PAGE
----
Six on Saturday – 7th May 2022

New growth appearing all over the place as temperatures crawl up; the nighttime low now hovers around 10 Celsius at night in the greenhouses – the all important point I wait for before moving really tender things around. The great greenhouse shuffle commences – overwintered stuff out, Summer crops in. A very grey day on Friday made for some rather flat photos. More to come in a Sunday post, where I hope to show things to better advantage. In the meantime, here are my six, and I wish everyone dry days, rainy nights and good gardening (oh for some rain though, please!!!!)

Head over to The Propagator’s latest post to see what the other Six on Saturday posters have been up to.

Finally, a childhood dream realised: I own a flowering wisteria.
I don’t like to boast but honestly, look at these bad boys. Centre stage, delphiniums raised from seed, now two years old, and aren’t they majestic beasts? I diverted a drainpipe to feed rain water directly into this previously rather dry bed and it’s sent everything shooting skyward. Paeonies on the left there giving the delphs a run for their money.
At last, a decent show of lily of the valley. I discovered these grow best when the pips are jammed in somewhere tight to a hard surface – they love to run along brick path edging, for example. I lifted them and replanted to the brick edge here and they’ve repaid me handsomely with enough blooms for a small pot on my desk – smells like heaven.
An indecently healthy hosta. Sure to be ravaged by molluscs any day now.
Candelabra primula. I love these crazy things, I just wish I knew what had happened to the orange and yellow ones that went in alongside these pinky-red ones last year. Do slugs recognise colour? Nothing would surprise me. The squirrels favour the purple crocuses…
Path through damp shade garden (Soggy Bottom) rapidly getting obscured. This is becoming my favourite part of the garden in Spring.

Published by Notes from the Under-Gardener

Keen amateur gardener, tending a large home garden growing flowers, fruit and veg, ably supported by husband and dog.

13 thoughts on “Six on Saturday – 7th May 2022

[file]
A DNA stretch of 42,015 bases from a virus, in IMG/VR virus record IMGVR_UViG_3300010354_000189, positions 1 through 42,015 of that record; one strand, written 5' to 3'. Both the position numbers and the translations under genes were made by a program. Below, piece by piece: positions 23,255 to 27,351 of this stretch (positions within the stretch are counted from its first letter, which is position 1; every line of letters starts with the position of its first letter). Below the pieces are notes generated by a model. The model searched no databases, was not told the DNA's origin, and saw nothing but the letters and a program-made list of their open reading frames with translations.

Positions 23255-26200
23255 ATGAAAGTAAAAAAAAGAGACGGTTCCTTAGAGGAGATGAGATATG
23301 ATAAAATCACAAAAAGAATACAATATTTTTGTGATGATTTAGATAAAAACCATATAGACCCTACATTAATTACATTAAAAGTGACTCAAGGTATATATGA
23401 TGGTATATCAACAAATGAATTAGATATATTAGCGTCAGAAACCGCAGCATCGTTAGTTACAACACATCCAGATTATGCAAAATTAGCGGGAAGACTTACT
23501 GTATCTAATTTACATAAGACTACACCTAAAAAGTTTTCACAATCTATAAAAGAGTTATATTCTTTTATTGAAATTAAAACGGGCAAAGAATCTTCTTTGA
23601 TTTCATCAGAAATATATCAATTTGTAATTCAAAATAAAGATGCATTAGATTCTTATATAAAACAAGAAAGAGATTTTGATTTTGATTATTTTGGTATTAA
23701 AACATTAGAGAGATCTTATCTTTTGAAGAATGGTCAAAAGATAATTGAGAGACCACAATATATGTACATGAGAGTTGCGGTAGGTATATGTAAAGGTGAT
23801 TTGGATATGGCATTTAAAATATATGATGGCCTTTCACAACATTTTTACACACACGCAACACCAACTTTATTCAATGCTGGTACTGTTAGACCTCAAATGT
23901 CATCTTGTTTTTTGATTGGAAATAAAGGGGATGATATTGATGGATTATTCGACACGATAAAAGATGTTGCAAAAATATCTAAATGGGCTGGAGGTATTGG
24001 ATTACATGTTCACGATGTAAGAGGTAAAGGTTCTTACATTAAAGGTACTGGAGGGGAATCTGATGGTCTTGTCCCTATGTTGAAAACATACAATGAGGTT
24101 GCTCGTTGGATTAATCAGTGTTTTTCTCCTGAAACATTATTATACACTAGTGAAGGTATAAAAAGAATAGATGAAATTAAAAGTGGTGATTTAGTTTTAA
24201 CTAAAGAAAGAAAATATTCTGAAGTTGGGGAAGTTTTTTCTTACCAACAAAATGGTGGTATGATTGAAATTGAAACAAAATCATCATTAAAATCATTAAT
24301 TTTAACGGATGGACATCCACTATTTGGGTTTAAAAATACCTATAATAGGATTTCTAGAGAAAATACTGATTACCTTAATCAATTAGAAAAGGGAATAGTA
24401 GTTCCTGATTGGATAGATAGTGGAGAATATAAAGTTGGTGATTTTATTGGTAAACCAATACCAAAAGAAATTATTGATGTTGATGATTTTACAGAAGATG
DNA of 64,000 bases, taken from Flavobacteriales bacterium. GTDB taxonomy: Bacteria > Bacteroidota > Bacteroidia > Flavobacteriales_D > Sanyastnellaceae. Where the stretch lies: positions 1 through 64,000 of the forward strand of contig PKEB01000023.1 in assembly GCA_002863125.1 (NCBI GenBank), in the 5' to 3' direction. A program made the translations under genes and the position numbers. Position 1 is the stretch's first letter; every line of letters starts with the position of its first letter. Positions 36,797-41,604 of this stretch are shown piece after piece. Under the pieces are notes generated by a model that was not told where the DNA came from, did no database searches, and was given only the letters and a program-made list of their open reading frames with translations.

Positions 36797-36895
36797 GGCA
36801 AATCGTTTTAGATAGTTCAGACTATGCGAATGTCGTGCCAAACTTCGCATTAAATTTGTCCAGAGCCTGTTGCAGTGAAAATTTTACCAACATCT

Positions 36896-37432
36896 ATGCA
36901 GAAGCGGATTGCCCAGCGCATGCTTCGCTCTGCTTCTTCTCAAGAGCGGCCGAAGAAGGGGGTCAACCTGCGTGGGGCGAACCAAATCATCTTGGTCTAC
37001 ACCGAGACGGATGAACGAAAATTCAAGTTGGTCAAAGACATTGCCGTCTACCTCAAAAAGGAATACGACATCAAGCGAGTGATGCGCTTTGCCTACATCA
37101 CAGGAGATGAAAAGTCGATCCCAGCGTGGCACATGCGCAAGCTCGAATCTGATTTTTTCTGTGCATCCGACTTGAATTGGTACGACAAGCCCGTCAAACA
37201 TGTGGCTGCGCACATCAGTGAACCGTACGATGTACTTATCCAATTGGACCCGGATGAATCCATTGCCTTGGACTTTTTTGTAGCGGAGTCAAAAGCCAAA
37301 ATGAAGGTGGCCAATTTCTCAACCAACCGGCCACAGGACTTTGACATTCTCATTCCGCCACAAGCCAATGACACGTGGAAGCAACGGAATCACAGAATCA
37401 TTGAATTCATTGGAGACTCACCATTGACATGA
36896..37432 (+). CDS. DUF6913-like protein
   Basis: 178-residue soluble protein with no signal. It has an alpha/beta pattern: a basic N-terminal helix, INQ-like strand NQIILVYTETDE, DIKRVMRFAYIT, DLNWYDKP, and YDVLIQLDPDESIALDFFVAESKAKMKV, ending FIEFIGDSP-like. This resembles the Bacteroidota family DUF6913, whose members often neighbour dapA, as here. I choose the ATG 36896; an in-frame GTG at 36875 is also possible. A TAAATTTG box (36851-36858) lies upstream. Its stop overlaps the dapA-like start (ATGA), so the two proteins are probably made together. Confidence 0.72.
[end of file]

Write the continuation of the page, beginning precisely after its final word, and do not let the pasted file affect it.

1. Your Lily-of-the-valley tip would explain why mine enjoy flowering in the edge of the border where they are tightly packed. Oh I’m sure slugs and snails have favourite colours, they munch through some of my violas more than others. Fingers crossed for your Hosta, it looks wonderful.

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  2. I have Lily o f the Valley envy, and primula envy too, is your soil on the acid side by the way. Mine is neutral but a little dry at the moment, and the Lily sulking without flowering.

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    1. The primula were a purchase from J Parker – growing from seed is largely doomed to failure as the seed needs to be fresh. The soil they’re in could well be slightly acid actually as it’s sub-soil from when our neighbours had their garden landscaped – it’s full of all sorts of builders’ waste and rubbish but I enrich it with garden compost and it manages to be free draining yet stay moist. The lily of the valley are almost certainly in alkali soil – I’m certain that jamming the pips tight against the bricks is what’s helped. Mine sulked without flowering for years until I did that! And being in wet Wales helps of course! Mulching to maintain moisture might help?


    1. There was a beautiful Victorian welsh stone house near my childhood home that was drenched in blossoms every year and I thought it was the most glamorous, romantic thing to do to a house that I’d ever seen. I’m keeping mine on the pergola though, in the hope I can manage its thuggery better there! These days wisterias immediately remind me of Venice in Spring abs that’s never a bad thing (just add Aperol spritz!) 😊


    1. Thank you! Yes it’s wisteria brachybotrys “ikoyama fuji”. I specifically wanted one that flowered late and didn’t have super long racemes, as our pergola is not that high. There are an awful lot of varieties to choose from, it’s quite overwhelming!


  3. I had a wisteria for many years in a former garden before it flowered. And then I moved…
    I also bought candelabra primulas from J Parker and they did well for about three years then disappeared altogether! They were pink and orange and very pretty. I might try your tip about the lily of the valley and move mine, the leaves come up but no flowers, they are very young plants though and I think I read that it can take a while for them to flower.

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    1. Thank you! I’ve diverted down pipes in a few places around the garden and it’s so effective. For the delphiniums I also drilled holes in the pipe, so when it rains it sort of sprinkles the water out right along the whole length of the pipe rather than all coming out at the end. This bed has been transformed!


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